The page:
What do you miss most about personal travel?

As a Canadian citizen, I have been able to travel and see mostly family and friends. As part of my role with Collinson, I really enjoy traveling and meeting with assistants, clients, and partners. I believe that meetings as individuals will always play an important role and add truly valuable value. There is a place for video conferencing in the future but it can never replace face-to-face engagement.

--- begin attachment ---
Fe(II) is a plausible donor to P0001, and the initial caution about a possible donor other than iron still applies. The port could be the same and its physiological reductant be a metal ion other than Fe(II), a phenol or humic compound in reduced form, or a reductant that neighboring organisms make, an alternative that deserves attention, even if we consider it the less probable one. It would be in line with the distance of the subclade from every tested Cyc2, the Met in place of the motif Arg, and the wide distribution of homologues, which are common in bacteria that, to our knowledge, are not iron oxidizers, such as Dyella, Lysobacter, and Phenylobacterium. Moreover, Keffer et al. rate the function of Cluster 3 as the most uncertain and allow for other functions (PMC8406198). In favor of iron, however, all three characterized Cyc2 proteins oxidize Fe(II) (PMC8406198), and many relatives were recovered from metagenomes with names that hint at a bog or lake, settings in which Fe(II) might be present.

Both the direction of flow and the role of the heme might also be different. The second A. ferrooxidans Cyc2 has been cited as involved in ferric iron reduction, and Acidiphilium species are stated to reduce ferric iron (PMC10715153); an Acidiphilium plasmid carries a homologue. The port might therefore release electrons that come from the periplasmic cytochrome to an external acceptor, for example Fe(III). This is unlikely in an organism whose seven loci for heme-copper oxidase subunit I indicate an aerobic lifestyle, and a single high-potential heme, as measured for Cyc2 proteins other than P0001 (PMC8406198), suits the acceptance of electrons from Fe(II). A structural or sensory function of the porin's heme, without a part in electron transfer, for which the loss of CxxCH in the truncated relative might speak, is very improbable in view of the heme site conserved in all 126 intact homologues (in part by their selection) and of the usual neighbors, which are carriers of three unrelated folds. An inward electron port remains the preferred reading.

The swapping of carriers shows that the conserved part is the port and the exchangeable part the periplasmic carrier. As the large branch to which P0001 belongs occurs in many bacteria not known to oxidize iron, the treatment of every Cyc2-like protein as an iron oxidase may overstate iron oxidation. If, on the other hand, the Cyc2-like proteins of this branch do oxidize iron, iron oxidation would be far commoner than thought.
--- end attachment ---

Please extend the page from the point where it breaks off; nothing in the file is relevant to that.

We are aware that many companies rely on their employees to be able to personally manage travel and meetings. So we look forward to launching our new COVID-19 business solution next month – regular COVID-19 testing. The 24/7 medical helpline, and priority. Pass Lounge Access – Both support organizations deal with the complexities of corporate travel. In the COVID era and help ensure those travel workers feel protected and supported by their employers.

 

If you could go somewhere now, where would it be?

This is a difficult one. I would love to ski in Whistler with my three sons and family in Canada. And I would also love to go to the Maldives to dive in with my wife Joy. I look forward to doing both in the near future.